A good publican would always pour the spirit into the cup over the glass so as a bit more spills in, and he does it in the customer's view. or he taps the optic a tad to give a little more....
We used to drink beer mixes, light and bitter, brown and bitter in the North, where you pay for a half pint of pulled beer and a half pint bottle on the side. If the server didn't give at least 3/4 pint you felt you were being ripped off.

If Rum Pirate has experienced what he says its unusual and he's definitely going to the wrong pubs, like the ones Mr Know it all works in.

Come to Portugal, if you ask for a 'digestiv' after the meal, a whisky or aguardente or (not french) brandy they often just bring the bottle over and leave it on the table... help yourself. Ask for a post prandial coffee and a 'cheirinho'... a little 'whiff' of some spirit, a, you won't pay anymore than the coffee, b, they again will often just leave the bottle with you as a cheirinho can be a shot on the side again help yourself....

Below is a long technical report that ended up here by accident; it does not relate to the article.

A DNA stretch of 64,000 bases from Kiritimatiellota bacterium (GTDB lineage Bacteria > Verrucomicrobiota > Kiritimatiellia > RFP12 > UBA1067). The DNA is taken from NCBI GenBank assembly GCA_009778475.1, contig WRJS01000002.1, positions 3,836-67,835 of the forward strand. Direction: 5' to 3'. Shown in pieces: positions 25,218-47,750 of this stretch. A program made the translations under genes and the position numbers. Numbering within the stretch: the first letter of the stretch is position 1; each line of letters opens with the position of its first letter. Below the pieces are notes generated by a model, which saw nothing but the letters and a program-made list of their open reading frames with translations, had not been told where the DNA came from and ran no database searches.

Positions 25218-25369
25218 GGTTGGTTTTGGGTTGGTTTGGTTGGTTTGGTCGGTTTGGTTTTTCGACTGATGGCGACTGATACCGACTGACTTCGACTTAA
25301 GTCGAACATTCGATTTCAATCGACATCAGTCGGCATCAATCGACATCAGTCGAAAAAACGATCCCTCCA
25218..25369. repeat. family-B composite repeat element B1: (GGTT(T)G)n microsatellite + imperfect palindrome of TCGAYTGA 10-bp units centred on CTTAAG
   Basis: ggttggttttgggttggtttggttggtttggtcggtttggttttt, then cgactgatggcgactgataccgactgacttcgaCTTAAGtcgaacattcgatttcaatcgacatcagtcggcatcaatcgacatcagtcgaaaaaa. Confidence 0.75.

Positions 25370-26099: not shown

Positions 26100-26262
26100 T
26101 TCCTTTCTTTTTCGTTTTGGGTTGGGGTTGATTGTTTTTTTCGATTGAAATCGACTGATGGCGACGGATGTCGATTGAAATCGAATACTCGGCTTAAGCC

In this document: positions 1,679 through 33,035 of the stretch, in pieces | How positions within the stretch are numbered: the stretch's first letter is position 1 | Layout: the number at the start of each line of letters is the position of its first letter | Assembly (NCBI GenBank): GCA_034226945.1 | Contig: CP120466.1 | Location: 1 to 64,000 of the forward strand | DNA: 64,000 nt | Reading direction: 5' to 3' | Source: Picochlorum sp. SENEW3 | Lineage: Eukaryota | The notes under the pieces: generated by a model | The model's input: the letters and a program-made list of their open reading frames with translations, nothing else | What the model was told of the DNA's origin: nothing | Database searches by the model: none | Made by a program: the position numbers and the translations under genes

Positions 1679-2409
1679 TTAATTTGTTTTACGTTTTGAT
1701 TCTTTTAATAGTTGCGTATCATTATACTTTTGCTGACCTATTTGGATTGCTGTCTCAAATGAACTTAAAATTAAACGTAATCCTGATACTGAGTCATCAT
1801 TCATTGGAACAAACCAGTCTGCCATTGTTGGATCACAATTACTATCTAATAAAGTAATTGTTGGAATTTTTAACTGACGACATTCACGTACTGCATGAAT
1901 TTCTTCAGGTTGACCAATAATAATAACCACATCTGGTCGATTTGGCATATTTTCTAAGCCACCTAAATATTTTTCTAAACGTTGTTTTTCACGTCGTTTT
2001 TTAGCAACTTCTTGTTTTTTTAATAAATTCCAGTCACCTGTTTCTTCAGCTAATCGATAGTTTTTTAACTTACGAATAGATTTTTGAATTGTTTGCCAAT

I don't drink but stories llike that above is why I've always wanted to sail to Portugal :)

isla
06-30-2014, 10:57 AM
This is a dram...as Andy said 35ml

http://www.orbsbooks.co.uk/images/dram.jpg

isla
06-30-2014, 11:23 AM
In the UK the law is very strict about how drinks are dispensed. Publicans can choose to serve either 25ml or 35ml shots. This is from the Trading Standards Department of Gloucestershire (http://www.tradingstandards.gov.uk/cgi-bin/glos/bus1item.cgi?file=*badv058-1001.txt), but it will be the same across the UK.


GIN, RUM, WHISKY AND VODKA
Unless sold in cocktails of three or more drinks, these products may only be sold in the following quantities:

25ml
35ml, or
multiples of these quantities

If you have switched to 35ml measures, the 25ml thimbles must be removed from the bar to avoid mistakes. Also, If you use 35ml measures for single shots, you cannot use 50ml for doubles. The correct double would be 2 x 35ml.

Old imperial measures (such as 1/6 gill) cannot be used for the sale of any spirits.

A notice, which is easy for consumers to read, must make it clear which quantity applies - for example: 'Gin, rum, whisky and vodka are sold on these premises in quantities of 25ml and multiples thereof'.

The same quantity must apply in all the bars of your pub, restaurant, or cafe - in other words, 25ml and 35ml specified quantities must not be sold at the same premises.

In Scotland the 35ml measure is the most commonly used.